Posts Tagged ‘an-naim’

Abdullahi Ahmed An-Naim: Islam and the Secular State

May 14, 2008

I was fortunate enough to be able to attend a lecture a couple of weeks ago given by Abdullahi Ahmed An-Naim. The event was sponsored by the Loyola University Islamic World Studies Program (directed by Dr. Marcia Hermansen, translator of Shah Wali Allah’s Hujjat Allah al-Baligha) and co-sponsored by the Chicago Muslim Bar Association. I am extremely grateful that the sponsors allowed me to attend a dinner with Dr. An-Naim after the event where I was able to discuss his ideas in a little more detail and I hope they didn’t regret it based on the fact that I heatedly disagreed with Dr. An-Naim on some issues. May Allaah (swt) forgive me, I am generally extremely calm and mild-mannered but when that Irish temper gets going, it’s all over!

Dr. An-Naim discussed his new book Islam and the Secular State: Negotiating the Future of Shari’ah. There is a lecture about the book available on Dr. An-Naim’s website as well. I have not read the book yet, so I am just tentatively addressing some of the issues that came out in discussion, and I pray I do not misstate or misrepresent Dr. An-Naim’s postion in any way.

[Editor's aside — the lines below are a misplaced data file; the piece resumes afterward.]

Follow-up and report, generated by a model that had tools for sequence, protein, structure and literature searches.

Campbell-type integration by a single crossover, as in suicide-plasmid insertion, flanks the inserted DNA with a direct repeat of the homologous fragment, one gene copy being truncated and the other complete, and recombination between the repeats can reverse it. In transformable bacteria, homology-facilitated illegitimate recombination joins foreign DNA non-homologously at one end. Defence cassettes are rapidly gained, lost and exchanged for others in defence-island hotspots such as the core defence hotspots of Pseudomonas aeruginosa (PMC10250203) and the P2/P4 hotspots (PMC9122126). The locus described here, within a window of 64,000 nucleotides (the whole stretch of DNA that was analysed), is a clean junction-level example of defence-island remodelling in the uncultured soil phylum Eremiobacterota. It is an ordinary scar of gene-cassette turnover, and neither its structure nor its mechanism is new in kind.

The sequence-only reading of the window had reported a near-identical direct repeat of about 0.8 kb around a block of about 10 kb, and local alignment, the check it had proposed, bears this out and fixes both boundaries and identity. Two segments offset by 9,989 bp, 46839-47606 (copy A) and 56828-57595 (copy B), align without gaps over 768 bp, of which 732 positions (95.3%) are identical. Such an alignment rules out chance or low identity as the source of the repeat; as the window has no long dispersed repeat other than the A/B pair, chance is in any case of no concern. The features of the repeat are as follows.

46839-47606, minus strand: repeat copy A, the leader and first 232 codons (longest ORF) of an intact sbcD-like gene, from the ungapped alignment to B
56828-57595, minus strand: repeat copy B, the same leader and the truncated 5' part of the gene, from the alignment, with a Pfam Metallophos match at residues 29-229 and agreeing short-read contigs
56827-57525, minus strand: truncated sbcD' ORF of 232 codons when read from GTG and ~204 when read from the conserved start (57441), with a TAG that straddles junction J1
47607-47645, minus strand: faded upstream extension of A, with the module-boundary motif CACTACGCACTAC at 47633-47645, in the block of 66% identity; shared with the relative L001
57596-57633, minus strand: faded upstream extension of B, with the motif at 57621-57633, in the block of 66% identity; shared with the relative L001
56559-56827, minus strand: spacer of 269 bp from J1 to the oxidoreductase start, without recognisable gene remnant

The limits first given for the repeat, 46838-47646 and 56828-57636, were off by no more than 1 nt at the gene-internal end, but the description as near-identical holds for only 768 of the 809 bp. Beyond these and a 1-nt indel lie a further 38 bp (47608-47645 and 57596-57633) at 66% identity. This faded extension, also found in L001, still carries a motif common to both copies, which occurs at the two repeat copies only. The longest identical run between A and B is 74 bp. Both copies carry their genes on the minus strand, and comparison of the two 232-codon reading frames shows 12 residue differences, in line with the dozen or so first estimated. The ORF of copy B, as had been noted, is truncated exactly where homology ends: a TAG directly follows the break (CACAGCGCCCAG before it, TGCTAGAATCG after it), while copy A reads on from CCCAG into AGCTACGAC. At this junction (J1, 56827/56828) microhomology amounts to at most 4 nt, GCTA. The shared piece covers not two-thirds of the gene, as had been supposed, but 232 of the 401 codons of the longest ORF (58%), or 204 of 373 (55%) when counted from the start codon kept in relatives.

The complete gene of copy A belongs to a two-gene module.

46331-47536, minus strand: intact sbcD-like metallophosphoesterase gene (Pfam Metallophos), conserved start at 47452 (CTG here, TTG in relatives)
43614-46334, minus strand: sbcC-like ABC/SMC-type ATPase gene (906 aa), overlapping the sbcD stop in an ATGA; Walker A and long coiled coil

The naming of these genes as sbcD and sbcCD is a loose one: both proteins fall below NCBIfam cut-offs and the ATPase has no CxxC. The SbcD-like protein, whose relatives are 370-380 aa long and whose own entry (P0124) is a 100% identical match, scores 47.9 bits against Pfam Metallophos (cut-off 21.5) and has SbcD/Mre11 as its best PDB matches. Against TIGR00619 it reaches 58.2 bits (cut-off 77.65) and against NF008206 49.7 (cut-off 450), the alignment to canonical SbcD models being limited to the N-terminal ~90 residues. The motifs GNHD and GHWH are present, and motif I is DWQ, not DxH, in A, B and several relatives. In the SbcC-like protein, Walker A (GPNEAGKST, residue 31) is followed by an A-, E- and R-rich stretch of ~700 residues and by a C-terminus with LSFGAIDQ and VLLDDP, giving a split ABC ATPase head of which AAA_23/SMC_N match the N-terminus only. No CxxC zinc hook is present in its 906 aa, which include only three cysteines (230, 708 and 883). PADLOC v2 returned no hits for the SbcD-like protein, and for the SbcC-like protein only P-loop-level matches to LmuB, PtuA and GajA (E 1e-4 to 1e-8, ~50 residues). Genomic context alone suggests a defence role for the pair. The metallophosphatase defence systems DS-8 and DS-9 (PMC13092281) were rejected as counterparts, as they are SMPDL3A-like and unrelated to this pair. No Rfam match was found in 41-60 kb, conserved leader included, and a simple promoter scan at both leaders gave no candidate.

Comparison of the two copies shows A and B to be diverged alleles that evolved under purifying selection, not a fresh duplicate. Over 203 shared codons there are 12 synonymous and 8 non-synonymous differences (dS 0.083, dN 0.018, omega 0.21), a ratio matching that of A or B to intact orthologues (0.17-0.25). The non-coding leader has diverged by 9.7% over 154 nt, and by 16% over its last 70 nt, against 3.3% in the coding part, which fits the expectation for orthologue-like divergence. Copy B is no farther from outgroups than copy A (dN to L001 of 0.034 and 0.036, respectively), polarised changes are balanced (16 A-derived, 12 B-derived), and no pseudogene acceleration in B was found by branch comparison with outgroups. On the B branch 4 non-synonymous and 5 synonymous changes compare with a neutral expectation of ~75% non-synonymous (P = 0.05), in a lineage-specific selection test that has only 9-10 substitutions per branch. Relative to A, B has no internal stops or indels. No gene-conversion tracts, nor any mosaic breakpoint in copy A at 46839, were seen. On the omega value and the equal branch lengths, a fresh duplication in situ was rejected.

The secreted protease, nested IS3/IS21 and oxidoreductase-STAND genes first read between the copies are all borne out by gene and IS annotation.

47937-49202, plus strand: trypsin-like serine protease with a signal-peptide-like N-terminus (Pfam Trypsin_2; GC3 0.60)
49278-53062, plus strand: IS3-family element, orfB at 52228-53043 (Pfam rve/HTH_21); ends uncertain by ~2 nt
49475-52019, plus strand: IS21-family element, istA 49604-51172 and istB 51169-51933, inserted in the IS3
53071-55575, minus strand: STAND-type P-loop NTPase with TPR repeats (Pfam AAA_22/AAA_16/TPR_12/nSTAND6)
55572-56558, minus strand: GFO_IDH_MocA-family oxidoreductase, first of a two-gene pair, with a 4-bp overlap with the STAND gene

As background, Dr. An-Naim is an extremely prolific scholar based at Emory University in Atlanta. He writes on a wide variety of Islamic and African issues. He comes from the background of a political activist and has a strong ‘progressive’ outlook. I use the term here in the sense of politically progressive and not to necessarily associate him with the “Progressive Islam” movement or mode of thinking. Although as I state, Dr. An-Naim is very prolific as a scholar he is best known to me as being a former student of Ustadh (Teacher) Mahmoud Taha. Dr. An-Naim also translated one of Taha’s works into english. I have not read Taha’s work either, but he was an opponent of and was executed by a Sudanese dictator who used religion as a justification for persecuting Taha. Again, I have not read it so I don’t claim to understand the ideas in their entirety or in depth, but they do seem to be unorthodox. One point usually emphasized in discussing these ideas is that the Makkan suras of the Qur’an (revealed pre-hijrah or before the Prophet(saw) had any political power) are a universal message valid for all times and peoples while the Madinan suras (revealed while the Prophet (saw) was a political leader) were in their specifics directed towards that particular time and place and those specifics are not necessarily binding for other times and places. Something that probably doesn’t sound too controversial to the non-Muslim modern western ear but which is, as I said, very ‘unorthodox’ to Muslims.

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